Some questions:

Are dark energy and dark matter issues different, and if so, by how they are different from other issues that the philosophy of science is dealing with, like quantums, power force & weak force, Einstein's relativity, body&spirit, and so on?

Before we discuss dark energy and dark matter, do we all agree with matter and energy?

I only know 5.6% of the universe, can someone tip me the other 4.4%, so I can participate this discussion equaly?

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Posted

The only limitation here is the lack of a creative mind.

You mean a receptive audience.

Tell this to the string theorists.

Indeed, they, as well as the quantum theoreticians, have been swimming in metaphysical waters, which is what Ernst Mach identified as mythological ones.

Yet I was referring to scientists who intended to do philosophy outright, as well as philosophers doing science themselves.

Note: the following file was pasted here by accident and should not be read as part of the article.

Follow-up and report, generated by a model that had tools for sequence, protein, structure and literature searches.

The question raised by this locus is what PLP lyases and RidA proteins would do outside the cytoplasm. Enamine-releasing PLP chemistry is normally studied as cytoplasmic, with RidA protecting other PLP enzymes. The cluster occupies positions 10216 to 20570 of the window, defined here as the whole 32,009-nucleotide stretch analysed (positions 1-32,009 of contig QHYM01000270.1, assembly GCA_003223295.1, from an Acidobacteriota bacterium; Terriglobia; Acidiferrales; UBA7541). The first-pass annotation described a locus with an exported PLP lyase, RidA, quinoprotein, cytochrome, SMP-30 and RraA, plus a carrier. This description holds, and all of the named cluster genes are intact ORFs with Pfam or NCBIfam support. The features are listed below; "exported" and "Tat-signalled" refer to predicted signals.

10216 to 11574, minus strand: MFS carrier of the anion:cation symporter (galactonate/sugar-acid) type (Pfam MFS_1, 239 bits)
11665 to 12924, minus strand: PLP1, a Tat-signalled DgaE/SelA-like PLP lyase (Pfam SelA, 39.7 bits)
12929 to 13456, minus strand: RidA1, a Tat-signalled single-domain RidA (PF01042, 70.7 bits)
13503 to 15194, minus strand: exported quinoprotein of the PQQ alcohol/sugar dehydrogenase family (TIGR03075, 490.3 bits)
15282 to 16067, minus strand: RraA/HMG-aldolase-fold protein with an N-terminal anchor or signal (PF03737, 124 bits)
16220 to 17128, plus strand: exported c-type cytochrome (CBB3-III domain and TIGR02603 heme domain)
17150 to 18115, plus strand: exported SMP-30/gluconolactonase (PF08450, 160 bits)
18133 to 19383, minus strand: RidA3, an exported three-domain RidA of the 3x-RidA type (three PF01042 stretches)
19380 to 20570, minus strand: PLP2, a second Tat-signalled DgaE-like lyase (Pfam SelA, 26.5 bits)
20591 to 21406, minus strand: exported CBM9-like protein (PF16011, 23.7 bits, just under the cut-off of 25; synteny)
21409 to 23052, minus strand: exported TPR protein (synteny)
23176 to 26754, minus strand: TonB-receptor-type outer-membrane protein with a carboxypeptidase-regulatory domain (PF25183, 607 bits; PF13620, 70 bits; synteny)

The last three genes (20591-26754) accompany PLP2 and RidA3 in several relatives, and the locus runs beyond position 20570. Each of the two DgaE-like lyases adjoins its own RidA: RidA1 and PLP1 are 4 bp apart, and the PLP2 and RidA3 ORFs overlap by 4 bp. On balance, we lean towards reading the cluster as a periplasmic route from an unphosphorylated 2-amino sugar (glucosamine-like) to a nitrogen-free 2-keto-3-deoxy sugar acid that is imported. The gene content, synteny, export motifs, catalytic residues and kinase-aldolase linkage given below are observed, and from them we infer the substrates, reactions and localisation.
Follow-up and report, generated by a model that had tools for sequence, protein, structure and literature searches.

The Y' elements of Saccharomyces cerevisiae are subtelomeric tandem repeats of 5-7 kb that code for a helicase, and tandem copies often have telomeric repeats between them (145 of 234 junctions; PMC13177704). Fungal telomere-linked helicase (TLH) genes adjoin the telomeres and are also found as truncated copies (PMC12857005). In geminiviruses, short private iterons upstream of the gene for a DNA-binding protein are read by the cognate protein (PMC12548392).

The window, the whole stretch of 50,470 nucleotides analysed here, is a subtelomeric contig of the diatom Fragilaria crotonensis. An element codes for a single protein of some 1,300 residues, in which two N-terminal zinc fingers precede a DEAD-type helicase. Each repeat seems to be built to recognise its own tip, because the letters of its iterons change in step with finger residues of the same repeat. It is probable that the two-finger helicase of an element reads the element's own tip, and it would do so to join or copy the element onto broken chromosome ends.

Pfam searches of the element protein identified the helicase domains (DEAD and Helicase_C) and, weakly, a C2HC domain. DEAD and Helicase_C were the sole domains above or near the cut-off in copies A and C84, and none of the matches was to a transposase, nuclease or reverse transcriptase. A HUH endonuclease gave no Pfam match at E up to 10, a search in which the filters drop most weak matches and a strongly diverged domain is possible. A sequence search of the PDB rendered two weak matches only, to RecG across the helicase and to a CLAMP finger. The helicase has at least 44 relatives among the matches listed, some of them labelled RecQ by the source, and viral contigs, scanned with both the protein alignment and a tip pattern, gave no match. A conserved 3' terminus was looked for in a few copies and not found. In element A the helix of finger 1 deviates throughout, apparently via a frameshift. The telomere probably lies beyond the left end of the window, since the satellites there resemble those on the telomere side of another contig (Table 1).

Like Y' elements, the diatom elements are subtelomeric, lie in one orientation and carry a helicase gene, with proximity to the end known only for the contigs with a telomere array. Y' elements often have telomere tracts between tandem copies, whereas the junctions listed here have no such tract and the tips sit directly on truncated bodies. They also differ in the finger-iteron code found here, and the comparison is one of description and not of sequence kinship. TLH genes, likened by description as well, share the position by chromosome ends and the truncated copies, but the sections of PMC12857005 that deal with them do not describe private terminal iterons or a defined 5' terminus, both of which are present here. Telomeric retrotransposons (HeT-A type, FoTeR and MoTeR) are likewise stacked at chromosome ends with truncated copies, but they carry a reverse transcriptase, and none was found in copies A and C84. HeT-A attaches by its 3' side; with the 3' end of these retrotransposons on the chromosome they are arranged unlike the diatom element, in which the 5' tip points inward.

Its no surprise that the core of positivism, the theory of verification came from physicists (schlick did his dissertation in physics under planck), theoretical physicists (carnap, frank), mathematicians (han, mengers, godel) an economist (neurath) all guided by the spirit-animal of the engineer (wittgenstein).

Its also no surprise that not a week after Hegel proved by logical deduction that there must be only 7 planets, an 8th was discovered. :lol:

But I agree physics is already tainted with philosophical blood, after the death of mechanism in late 19th century, and the rise of quantum physics. Blandshard was right that the physicist could no longer poke fun at the mote in the philosopher's eye cuz he already has a metaphysical beam stuck in his own.